ers to his students, hundreds of children and college students in every classroom of Gubden’s Madrasah. They sit on the floor swaying from side to side, learn- ing the Koran by heart. This is not the kind of teach-
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The North Caucasus Islamic University Center of Education and Science receives federal funding. “One of the most important
16 million people in Russia,
or approximately 11 percent of the pop- ulation, profess a Muslim faith, though estimates vary.
$30 million was spent by the
Russian Ministry of Education and Sci- ence on Islamic edu- cation throughout the country.
2.5 million Muslims - mostly im-
migrants - are esti- mated to reside in Moscow, more than any European capi- tal except Istanbul.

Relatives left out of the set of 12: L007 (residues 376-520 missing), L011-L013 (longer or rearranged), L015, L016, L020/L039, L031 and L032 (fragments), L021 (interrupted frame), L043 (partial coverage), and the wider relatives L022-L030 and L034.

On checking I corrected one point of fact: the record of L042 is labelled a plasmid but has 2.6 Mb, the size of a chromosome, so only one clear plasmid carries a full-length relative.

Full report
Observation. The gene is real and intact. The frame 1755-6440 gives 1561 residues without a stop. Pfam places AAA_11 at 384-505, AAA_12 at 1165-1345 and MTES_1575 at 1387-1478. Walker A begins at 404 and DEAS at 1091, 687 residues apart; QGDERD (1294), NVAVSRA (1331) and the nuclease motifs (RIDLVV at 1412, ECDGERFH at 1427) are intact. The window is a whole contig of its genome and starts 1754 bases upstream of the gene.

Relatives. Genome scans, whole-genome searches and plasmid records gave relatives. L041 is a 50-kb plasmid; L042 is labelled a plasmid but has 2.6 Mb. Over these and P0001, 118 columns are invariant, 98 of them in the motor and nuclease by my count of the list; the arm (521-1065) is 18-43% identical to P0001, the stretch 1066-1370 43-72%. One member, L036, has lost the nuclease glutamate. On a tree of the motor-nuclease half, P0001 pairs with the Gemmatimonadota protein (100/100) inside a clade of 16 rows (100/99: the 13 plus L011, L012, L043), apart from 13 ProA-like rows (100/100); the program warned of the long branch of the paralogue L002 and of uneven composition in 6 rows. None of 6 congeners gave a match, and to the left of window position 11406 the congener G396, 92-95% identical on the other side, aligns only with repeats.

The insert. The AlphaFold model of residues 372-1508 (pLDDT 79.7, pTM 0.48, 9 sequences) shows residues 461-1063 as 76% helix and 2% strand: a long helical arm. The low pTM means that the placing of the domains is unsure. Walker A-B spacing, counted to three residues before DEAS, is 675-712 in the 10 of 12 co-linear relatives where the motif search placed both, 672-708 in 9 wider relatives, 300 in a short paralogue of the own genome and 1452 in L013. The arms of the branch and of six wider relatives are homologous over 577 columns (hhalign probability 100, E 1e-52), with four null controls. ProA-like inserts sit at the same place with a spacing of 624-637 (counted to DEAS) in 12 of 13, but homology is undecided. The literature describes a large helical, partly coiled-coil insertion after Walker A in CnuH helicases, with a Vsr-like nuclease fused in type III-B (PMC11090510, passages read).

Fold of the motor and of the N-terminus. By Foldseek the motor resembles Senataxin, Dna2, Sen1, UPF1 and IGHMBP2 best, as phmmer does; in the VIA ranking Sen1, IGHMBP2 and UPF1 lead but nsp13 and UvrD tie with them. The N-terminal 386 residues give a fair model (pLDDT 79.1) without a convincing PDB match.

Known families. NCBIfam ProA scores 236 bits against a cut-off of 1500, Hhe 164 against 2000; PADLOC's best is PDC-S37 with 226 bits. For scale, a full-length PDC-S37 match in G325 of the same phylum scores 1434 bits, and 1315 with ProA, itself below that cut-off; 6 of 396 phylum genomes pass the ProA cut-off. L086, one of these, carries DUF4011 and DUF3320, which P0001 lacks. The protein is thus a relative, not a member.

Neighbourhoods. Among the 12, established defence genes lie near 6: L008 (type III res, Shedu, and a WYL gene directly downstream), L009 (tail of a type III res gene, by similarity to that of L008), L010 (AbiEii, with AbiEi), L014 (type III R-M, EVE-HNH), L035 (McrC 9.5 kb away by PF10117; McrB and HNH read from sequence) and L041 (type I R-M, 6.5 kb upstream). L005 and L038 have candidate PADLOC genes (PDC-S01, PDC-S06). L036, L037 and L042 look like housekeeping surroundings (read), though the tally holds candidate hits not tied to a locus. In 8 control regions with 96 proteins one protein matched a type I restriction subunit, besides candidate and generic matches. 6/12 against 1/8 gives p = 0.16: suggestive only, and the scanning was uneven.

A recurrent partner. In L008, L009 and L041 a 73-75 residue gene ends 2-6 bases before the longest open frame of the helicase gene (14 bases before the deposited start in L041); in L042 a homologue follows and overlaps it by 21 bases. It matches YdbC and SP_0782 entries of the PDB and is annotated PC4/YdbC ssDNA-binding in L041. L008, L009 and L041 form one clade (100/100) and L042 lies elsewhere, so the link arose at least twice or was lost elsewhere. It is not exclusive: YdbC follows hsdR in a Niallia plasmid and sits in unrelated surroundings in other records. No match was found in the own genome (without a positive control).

ideas behind our reform of Is- lamic education is to provide students with fundamental knowledge of Islam at home, in Russia,” said Yuriy Mikhailov, an author who has urged the Kremlin to underwrite moder- ate education programs and institutions. “And then later, when they
ing the Kremlin’s educational leaders have in mind. Like Lokshina of Human
Rights Watch, Mikhailov argues that different views of Islam should be vented, not sup- pressed.
“Dagestan cannot solve its problems only by police meth- ods – this way we just push the religious opposition out of our society and into the guerilla movement,” he said. “Free media and civil society should become the channels for the heated emotions instead. And that is the biggest gap in our work.”
The Cost of a Russian Education